# Circuit Simulator

I just recently started to study circuits. I have a homework assignment and I need to simulate some circuits, but I don't know what simulator should I use. I was using CircuitLab but as I don't know how to configure it I don't know what to expect in the plots and if they are correct or not.

This is one of the circuits I'm doing but I have no idea of what the plots mean and if I'm using it right, I just want to know how to configure it to know if the LED is turning on or is not or to know how to interpret the plots.

These are the parameters I put in:

This is the plot:

• I cannot say this with enough emphasis, do not use a simulator with "hunt and peck" poking of part values in a hope that you will learn anything. I had much to learn when Spice finally became available to me and I'm as guilty as anyone thinking I could learn by poking around with a simulator. Stupid me. Doesn't work that way. Study theory. Study ways people put stuff together to achieve goals. Develop your imagination. Use a simulator to test your imagination, part vagaries, temp impacts, etc. But not as a way to learn theory through random poking around. Mar 2 at 7:01
• I strongly support every single word of the previous comment.
– LvW
Mar 2 at 8:53
• This is right, SPICE in its many variants is for simulation (analysis). Synthesis is an entirely different animal. You can 'design' a biasing circuit by fiddling with resistor values in LTspice but you'll never get finished with something like synthesizing a 6 pole passive filter because there are too many interacting variables. Simulating is a more like building the circuit and testing it. Mar 2 at 12:24
• What do you want the simulator to do for you? Mar 2 at 16:19
• Does your homework assignment tell you to use a simulator? If so, does it not tell you which one to use? Mar 2 at 20:16

The voltage and current source symbols in the simulator each have two terminals, but only one wire is connected to each one in your circuit. Both terminals need to be connected for the circuit to work meaningfully.

I'd recommend LTSpice for simulations.

Also, be mindful of unit suffixes... for example, current sources I6 and I7 on your schematics seem to be sourcing 10 Amps of current which does not make sense in usage with respect to the rest of the circuit schematics.

• The UX of LTspice is repulsive even to professionals. Suggesting it to someone who can just about put a circuit together in CircuitLab is not very helpful. Mar 2 at 5:33
• @Kubahasn'tforgottenMonica, thousands of people learned to use simulators when the UX was a stack of punch cards, or a text file representing a stack of punch cards. A pretty UX that obscures what's going on in the model is no help to learning. Mar 3 at 7:11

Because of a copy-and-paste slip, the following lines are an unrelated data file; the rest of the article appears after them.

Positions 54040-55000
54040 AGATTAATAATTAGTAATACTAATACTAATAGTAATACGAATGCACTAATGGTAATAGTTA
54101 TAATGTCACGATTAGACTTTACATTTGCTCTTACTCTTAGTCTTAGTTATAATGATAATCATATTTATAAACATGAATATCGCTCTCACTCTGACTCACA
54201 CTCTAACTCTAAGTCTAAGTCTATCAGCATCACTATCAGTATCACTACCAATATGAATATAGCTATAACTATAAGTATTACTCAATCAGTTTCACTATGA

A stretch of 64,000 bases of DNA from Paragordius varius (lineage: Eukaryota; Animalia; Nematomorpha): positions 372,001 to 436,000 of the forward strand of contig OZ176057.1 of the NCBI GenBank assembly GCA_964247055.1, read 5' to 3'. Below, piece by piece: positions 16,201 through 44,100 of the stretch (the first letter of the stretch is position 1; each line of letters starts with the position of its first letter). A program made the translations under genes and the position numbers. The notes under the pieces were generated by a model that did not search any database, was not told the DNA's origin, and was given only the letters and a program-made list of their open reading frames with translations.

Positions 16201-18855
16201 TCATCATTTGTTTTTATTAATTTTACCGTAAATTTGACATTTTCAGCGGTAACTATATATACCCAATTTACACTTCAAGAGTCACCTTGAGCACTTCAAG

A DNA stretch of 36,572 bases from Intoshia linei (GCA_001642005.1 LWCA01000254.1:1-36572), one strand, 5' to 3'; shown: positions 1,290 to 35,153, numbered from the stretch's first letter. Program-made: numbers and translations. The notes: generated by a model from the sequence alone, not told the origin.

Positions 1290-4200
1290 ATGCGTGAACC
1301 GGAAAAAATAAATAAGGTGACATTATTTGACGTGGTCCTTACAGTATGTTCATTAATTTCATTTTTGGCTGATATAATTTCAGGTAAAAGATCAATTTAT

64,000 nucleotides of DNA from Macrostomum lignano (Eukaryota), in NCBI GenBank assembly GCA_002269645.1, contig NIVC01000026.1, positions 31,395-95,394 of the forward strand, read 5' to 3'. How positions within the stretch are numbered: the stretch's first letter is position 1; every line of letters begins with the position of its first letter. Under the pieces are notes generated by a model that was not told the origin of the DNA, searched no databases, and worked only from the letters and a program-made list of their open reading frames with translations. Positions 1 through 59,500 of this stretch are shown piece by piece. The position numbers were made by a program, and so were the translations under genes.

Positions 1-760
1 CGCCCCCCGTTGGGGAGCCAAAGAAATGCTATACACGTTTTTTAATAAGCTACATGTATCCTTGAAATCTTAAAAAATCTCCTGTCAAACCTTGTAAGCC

I have a homework and I need to simulate some circuits

I doubt very much that your homework expects you to drive 10A into the bases of small signal transistors.

Here is a list of changes needed to get your circuit to work:

1. Current sources need to be referenced to some node. If no 2nd node is obvious, they must be referenced to ground (node 0 in SPICE parlance).

2. The supply voltage source must be referenced to ground.

3. The supply voltage of 1V is too low to do anything useful in this circuit. 5V is a good starting point.

4. The current sources should be driving a small current, perhaps microamps (suffix u in CircuitLab) or milliamps (suffix m in CircuitLab).

There are not all that many transistors that will survive having 10A driven into their bases for long. Note that the current sources don't care about resistors in their paths: if you tell a current source to drive 10A into a transistor through a 10kΩ base resistance, it will drive that current, developing 100kV across the resistor. The resistors used in such circuits will break down (turn into short circuits) with just a couple hundred volts applied across them. With 100kV, small parasitic capacitances of a long piece of wire for example will hold enough charge to vaporize the resistor and the transistor's silicon chip. Don't drive amps through kilo-ohms unless you're designing high-voltage circuits and the resistors are physically huge due to insulation lengths needed.

And... that's it. Make those changes and the circuit will do something useful like turn on the LED. To make it visible, add an amp meter into the circuit. CircuitLab performs DC analysis of simple circuits on-the-fly, so adding meter like ammeters and voltmeters will display the DC values immediately.